Scene Segmentation

We segment images at the instance-level to obtain object category labels and corresponding 2D masks. Object masks present meaningful clues to initialize object sizes, 3D locations and orientations. Particularly, we introduce the Mask R-CNN [he2017mask] to capture object masks with instance segmentation. We customize the Mask R-CNN backboned by ResNet-101 [he2016deep], with the weights pre-trained on the MSCOCO dataset [matterport_maskrcnn_2017]. It is fine-tuned on the NYU v2 dataset [silberman2012indoor] which contains 1,449 densely labeled indoor images covering 37 common and 3 ‘other’ categories. (The training strategy is detailed in Appendix A.1). Since object masks act significantly in the latter stages, we append Mask R-CNN with the Dense Conditional Random Field (DCRF) [krahenbuhl2011efficient] to merge overlaps and improve mask edges. Besides, wall, floor and ceiling masks are removed as they are precisely decided in the 2D layout estimation. Segmentation samples are shown in Figure 2.

Figure 2: Instance segmentation samples

Model Retrieval

This task is to retrieve CAD models with the most similar appearance to the segmented object images. A Multi-View Residual Network (MVRN) pretrained on ShapeNet [chang2015shapenet] is introduced for shape retrieval. Similar with [izadinia2017im2cad, huang2018holistic], we align and render each model from 32 viewpoints (two elevation angles at 15 and 30 degrees, and 16 uniform azimuth angles) for appearance-based matching. A Multi-View Convolutional Network [su2015multi]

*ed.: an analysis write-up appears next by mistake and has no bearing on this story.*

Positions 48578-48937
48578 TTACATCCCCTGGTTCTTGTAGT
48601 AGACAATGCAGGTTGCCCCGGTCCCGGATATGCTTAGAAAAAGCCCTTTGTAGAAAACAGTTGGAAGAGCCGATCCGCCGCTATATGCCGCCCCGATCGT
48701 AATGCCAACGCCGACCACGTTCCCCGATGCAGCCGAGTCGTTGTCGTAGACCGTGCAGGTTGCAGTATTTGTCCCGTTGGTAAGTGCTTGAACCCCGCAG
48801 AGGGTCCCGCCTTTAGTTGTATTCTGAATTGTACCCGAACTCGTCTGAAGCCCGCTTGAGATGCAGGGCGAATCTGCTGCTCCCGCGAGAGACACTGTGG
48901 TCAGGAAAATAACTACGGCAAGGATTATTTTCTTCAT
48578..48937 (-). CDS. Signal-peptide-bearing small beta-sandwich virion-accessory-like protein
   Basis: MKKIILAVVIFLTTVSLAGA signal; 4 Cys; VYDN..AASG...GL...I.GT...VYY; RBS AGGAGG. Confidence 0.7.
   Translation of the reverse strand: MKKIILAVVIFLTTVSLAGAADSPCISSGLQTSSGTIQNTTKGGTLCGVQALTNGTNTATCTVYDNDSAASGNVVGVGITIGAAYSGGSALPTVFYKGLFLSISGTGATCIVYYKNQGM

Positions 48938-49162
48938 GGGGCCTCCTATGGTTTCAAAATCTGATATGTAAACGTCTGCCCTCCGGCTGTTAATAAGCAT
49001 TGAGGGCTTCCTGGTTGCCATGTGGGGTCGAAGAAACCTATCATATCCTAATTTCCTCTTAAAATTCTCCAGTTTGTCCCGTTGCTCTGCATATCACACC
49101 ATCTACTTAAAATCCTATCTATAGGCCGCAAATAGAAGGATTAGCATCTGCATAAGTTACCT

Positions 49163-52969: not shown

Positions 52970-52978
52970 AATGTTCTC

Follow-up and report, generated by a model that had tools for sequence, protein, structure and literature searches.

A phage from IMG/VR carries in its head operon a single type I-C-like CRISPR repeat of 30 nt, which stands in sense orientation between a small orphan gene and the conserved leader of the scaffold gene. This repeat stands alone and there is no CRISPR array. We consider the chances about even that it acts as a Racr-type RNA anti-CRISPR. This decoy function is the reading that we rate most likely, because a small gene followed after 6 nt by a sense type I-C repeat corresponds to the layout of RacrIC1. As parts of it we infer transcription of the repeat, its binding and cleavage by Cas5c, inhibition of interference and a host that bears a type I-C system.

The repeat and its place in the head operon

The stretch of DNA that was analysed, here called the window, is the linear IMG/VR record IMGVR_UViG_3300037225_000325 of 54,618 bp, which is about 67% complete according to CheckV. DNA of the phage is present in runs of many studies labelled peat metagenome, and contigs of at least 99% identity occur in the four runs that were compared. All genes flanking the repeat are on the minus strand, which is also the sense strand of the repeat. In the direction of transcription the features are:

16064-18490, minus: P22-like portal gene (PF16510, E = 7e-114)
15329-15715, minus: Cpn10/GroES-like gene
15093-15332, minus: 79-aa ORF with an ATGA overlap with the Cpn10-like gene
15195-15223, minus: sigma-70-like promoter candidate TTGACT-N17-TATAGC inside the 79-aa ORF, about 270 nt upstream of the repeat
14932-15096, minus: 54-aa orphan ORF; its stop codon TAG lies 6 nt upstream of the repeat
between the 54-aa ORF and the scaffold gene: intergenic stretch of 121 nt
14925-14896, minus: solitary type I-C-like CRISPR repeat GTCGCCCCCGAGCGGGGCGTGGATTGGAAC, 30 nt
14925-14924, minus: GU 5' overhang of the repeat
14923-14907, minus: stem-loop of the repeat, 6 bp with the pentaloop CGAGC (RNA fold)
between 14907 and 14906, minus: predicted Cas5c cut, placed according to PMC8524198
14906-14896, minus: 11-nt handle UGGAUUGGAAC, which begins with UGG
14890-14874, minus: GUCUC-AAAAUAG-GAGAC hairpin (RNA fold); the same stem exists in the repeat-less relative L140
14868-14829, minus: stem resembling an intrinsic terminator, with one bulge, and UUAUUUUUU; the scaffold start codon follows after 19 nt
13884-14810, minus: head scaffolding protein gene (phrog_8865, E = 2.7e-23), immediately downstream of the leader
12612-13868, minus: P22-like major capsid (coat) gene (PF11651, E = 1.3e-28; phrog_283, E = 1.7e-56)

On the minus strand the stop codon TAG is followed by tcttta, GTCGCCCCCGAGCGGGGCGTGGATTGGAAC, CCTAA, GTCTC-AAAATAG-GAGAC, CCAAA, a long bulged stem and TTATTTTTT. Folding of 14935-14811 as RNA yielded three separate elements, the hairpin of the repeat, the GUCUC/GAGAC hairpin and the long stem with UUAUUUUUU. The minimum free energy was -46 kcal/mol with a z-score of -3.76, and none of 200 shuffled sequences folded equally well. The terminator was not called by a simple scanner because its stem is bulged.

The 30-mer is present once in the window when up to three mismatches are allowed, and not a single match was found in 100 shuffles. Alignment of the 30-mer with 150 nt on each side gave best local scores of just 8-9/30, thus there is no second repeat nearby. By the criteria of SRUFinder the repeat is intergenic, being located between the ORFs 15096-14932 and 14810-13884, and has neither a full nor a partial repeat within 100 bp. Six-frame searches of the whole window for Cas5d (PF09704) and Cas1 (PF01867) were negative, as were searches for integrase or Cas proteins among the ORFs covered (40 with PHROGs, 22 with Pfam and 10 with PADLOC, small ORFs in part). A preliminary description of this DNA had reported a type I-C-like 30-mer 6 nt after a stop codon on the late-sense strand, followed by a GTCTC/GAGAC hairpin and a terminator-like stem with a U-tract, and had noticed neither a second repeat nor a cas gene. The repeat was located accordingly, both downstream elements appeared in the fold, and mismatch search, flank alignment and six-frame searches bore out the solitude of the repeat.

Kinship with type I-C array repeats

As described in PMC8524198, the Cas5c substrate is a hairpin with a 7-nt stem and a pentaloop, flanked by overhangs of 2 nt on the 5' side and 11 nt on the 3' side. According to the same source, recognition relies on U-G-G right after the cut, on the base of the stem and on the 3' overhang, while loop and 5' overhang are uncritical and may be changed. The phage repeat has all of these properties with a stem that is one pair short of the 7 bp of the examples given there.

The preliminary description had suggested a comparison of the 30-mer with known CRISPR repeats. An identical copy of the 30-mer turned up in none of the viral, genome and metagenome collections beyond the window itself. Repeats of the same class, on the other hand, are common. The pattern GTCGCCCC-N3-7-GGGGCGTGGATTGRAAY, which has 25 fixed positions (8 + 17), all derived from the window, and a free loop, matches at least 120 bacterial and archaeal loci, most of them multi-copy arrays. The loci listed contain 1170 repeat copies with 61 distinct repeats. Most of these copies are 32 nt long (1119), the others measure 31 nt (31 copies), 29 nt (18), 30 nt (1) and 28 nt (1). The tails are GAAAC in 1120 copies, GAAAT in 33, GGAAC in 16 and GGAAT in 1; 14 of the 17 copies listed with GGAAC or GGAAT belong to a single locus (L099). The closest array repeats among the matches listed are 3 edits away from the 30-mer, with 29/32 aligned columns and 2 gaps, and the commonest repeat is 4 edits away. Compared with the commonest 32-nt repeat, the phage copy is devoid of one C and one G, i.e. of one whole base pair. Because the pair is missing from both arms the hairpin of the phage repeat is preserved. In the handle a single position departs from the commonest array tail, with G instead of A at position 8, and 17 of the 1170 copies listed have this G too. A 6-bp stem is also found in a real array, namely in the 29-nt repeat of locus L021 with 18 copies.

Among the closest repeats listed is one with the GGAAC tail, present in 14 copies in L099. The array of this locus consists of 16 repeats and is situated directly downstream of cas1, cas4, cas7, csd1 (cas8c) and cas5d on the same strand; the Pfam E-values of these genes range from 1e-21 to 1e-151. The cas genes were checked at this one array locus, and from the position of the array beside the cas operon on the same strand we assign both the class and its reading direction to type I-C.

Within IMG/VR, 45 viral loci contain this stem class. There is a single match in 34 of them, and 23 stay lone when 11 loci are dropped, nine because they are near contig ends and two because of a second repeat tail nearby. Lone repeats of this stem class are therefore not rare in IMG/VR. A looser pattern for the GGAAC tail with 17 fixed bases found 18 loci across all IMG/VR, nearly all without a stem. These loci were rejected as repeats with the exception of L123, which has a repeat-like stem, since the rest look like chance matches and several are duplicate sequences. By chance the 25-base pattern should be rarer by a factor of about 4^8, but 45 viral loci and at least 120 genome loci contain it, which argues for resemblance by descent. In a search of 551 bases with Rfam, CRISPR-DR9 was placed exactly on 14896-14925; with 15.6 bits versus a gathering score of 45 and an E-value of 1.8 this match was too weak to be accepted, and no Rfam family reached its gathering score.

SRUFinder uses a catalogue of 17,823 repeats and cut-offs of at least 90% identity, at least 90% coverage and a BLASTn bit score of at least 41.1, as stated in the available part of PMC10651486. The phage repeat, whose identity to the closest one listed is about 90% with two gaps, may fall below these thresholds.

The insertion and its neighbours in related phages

backboned with ResNet-50 is adopted as feature extractors to view CAD models from different viewpoints. This type of architecture is designed to mimic human eyes by observing an object from multiple viewpoints to recognize the object shape. Deep features from a single view is represented by a 2048-dimensional vector (i.e. the last layer size of ResNet-50). This compact descriptor enables us to match models efficiently in the vector space. The similarity between an image and a model can be measured by the cosine distance:

, where and respectively denote the shape descriptor of the object image and a rendering of the model. The model set construction and training strategy are detailed in Appendix A.2. Furthermore, we fine-tune the orientation of matched models with ResNet-34 (see Discussions). Figure 3 shows some matched samples on our model set. Top-5 candidates are selected for global scene optimization in Section 6.

Figure 3: CAD model candidates. For each object image, we search our model dataset and output five similar candidates for scene modeling.
Figure 4: Relation Network for support inference. The whole architecture consists of three parts. The vision part and the question part are responsible for encoding object images and related questions separately, and the Relation Network answers these questions based on the image features.

5 Relational Reasoning